View Full Version : What really happened between ref, Rasheed

01-26-2003, 10:03 PM
What really happened between ref, Rasheed

By David Aldridge
Special to ESPN.com

The NBA has its version of what happened, and Rasheed Wallace has his, and the truth is probably somewhere in the middle. But something happened between Wallace and referee Tim Donaghy at the loading dock at the Rose Garden on Jan. 15 after the Portland Trail Blazers played the Memphis Grizzlies, and it led to Wallace being suspended by the NBA for seven games, his past most certainly part of his present.

Here's what we know, and it starts in the third quarter of Portland's win over Memphis, when official Scott Wall called a foul on Wallace with 9:45 left in the period. Wallace then tossed the ball toward Wall, who had his back turned. But Donaghy saw it, thought Wallace was throwing the ball at Wall and gave Wallace a technical foul. Wallace was angry -- "Ask him (Wall) if he thought I was throwing the ball at him!" Wallace allegedly said to Donaghy after the technical was called -- but stayed in the game and finished with a season-best 38 points, with 10 boards.

For the most part, Rasheed Wallace, right, has stayed out of trouble this season.
Then, about an hour after the game, Wallace was speaking with Memphis guard Brevin Knight and signing autographs for an acquaintance of Knight's when Wall, Donaghy and Steve Javie, the third ref, came walking past on the way to their car.

According to a source, Wallace shouted at Donaghy, "That was a bull---- call and technical, and I'm gonna get my money back," referring to the fine players receive for getting T'd up.

Donaghy then, according to the source, shouted back, "Watch the tape."

At this point, things get a little murky. Wallace then apparently took some steps toward Donaghy, and, a source says, said, "No, you watch the tape," and cursed at Donaghy. What is also unclear -- and very important, obviously -- is whether Donaghy cursed back at Wallace, or merely repeated what he'd already said, or didn't say anything. No one I spoke with disputes, though, that Wallace reacted by raising his arms -- as if to throw a punch, the league believes; with no malice toward Donaghy intended or planned, Wallace's people believe -- and moving toward Donaghy, who moved toward Wallace. Another source contends that Wallace then yelled at Donaghy, "I'm gonna kick your ass, punk-ass mother-----," and that the league viewed this as prima facie evidence of a threat against the official -- the major reason for the seven-game suspension.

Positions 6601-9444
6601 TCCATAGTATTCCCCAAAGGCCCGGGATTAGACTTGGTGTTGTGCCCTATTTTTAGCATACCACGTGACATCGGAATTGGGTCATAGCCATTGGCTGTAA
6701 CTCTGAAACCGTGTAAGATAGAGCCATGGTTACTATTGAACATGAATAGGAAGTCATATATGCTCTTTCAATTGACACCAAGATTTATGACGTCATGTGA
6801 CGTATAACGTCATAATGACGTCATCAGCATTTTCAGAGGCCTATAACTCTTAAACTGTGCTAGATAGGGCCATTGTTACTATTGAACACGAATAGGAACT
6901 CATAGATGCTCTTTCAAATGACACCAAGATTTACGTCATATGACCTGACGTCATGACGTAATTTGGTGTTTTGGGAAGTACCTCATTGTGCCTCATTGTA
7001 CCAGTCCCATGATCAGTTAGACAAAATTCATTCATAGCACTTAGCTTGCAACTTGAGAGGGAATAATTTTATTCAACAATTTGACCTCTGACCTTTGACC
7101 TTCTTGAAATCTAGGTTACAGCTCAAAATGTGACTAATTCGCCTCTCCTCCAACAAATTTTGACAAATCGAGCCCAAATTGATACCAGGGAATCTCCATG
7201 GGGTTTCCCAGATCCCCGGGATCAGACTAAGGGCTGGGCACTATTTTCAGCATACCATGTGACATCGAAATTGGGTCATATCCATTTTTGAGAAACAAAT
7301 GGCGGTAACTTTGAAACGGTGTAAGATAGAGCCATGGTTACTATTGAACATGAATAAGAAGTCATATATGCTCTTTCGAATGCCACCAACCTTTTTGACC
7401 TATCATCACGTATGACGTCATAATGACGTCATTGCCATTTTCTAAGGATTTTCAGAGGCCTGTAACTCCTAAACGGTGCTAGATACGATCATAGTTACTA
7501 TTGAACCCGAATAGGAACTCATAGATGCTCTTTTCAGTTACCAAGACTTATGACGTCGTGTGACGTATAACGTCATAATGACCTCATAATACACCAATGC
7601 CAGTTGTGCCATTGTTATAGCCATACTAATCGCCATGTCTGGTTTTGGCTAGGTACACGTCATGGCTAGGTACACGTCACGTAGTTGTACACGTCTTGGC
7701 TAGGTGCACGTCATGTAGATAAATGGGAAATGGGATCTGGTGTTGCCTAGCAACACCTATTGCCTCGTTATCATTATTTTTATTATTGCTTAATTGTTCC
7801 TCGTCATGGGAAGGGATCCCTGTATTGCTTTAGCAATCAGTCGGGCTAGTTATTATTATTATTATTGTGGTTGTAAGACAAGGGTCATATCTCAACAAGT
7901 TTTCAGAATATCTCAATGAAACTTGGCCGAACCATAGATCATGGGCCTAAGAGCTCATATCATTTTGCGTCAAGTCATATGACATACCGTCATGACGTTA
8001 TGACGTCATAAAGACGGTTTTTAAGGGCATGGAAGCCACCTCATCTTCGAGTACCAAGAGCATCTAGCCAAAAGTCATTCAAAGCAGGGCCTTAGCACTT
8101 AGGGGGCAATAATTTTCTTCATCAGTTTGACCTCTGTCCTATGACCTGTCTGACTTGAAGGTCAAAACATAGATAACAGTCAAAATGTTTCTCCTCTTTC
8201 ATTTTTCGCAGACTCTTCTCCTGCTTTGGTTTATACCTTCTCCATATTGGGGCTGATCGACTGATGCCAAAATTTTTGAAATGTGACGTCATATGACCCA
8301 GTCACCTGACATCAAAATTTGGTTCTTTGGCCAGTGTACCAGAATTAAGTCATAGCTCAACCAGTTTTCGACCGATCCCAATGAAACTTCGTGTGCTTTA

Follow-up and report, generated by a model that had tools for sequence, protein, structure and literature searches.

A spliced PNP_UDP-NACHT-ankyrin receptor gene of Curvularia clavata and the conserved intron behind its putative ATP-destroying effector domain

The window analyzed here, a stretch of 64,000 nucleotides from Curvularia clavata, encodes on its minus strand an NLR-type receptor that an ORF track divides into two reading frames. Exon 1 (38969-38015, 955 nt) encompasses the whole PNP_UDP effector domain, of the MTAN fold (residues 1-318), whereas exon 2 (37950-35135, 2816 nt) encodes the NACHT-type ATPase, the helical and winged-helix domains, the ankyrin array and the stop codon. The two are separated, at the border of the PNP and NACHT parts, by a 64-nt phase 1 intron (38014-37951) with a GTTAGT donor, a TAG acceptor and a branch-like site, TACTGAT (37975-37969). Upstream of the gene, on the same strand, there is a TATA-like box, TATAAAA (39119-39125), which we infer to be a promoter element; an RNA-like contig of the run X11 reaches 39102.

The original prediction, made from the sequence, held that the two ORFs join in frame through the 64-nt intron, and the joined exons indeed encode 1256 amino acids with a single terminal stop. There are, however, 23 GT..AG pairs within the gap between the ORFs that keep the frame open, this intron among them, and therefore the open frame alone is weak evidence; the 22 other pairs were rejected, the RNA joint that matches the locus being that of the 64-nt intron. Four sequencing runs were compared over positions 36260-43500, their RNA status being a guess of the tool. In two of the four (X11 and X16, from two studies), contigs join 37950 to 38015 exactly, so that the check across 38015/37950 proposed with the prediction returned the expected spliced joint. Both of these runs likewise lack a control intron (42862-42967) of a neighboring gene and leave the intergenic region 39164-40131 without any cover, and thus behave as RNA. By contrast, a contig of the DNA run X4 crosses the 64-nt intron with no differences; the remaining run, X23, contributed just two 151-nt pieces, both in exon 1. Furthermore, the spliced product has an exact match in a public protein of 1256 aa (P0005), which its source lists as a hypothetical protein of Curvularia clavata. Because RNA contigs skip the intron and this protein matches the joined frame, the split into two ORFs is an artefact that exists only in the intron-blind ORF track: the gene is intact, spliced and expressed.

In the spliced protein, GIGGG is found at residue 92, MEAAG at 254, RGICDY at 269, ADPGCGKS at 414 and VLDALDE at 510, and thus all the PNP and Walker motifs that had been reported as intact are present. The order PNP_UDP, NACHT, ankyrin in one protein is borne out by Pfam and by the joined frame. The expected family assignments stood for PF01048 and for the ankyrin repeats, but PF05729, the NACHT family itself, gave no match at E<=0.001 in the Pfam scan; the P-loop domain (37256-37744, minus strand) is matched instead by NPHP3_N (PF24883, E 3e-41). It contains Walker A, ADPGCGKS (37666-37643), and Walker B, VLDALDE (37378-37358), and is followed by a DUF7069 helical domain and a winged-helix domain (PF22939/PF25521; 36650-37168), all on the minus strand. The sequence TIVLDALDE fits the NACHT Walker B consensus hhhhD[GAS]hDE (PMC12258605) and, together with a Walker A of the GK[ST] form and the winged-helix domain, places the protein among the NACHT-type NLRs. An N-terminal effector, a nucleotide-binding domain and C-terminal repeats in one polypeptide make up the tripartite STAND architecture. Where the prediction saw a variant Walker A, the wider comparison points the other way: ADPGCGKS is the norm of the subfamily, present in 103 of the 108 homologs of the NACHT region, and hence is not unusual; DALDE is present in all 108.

The two were separated, and the referees then went to their awaiting car.

While Wallace's supporters maintain the league's investigation was rushed, the league says its reconstruction of the incident was exhaustive. The number of witnesses interviewed is believed to exceed double figures. And it is clear that Wallace's past runs-in with referees played a part in the severity of the suspension, even though he has greatly reduced the number of technicals he's received in the last two years, from 41 in 2000-01 to 27 last season to just five through his first 37 games this season. Like its decision in the Latrell Sprewell choking incident, the league also viewed the fact that time passed between the initial on-court confrontation between Wallace and Donaghy and the second confrontation as being more damaging, because Wallace had time to cool off.

But Wallace's supporters counter that this is different from Sprewell, or Marcus Camby's postgame incident with the Spurs a couple of years ago, because Wallace wasn't looking for Donaghy after the game, or lying in wait; he was talking with Knight when Donaghy and the other refs happened to walk by. In other words, there was no premeditation on Wallace's part to cause a confrontation.

And why did Golden State's Chris Mills, by way of comparison, only receive three games for trying to block the Blazers' team bus with his car after a brawl between the two teams at the end of their game Dec. 20? The same standards seem to apply. I guess the league viewed that differently because there was no actual physical contact between Mills and the Blazers' players, who were on the bus. And, I guess, because a policeman on the scene talked Mills back into his car after he got out of it and started toward the bus. (I still believe, though, that Mills' conduct was much more threatening than Wallace's -- especially considering the fact that there was a civilian in Mills' car. What would have happened if the other guy had managed to get near a Portland player? Or if Mills' car had hit the bus, with injuries resulting?)

Wallace will file an appeal of the suspension -- which also will cost him more than a million dollars in lost salary -- through the Players' Association, possibly as early as Monday. But whatever the outcome, each side has dug in. The Blazers believe this is more evidence that the league is out to get them. The league seems to believe that Portland's brought all of this upon itself with its behavior over the years. And the truth is probably somewhere in the middle.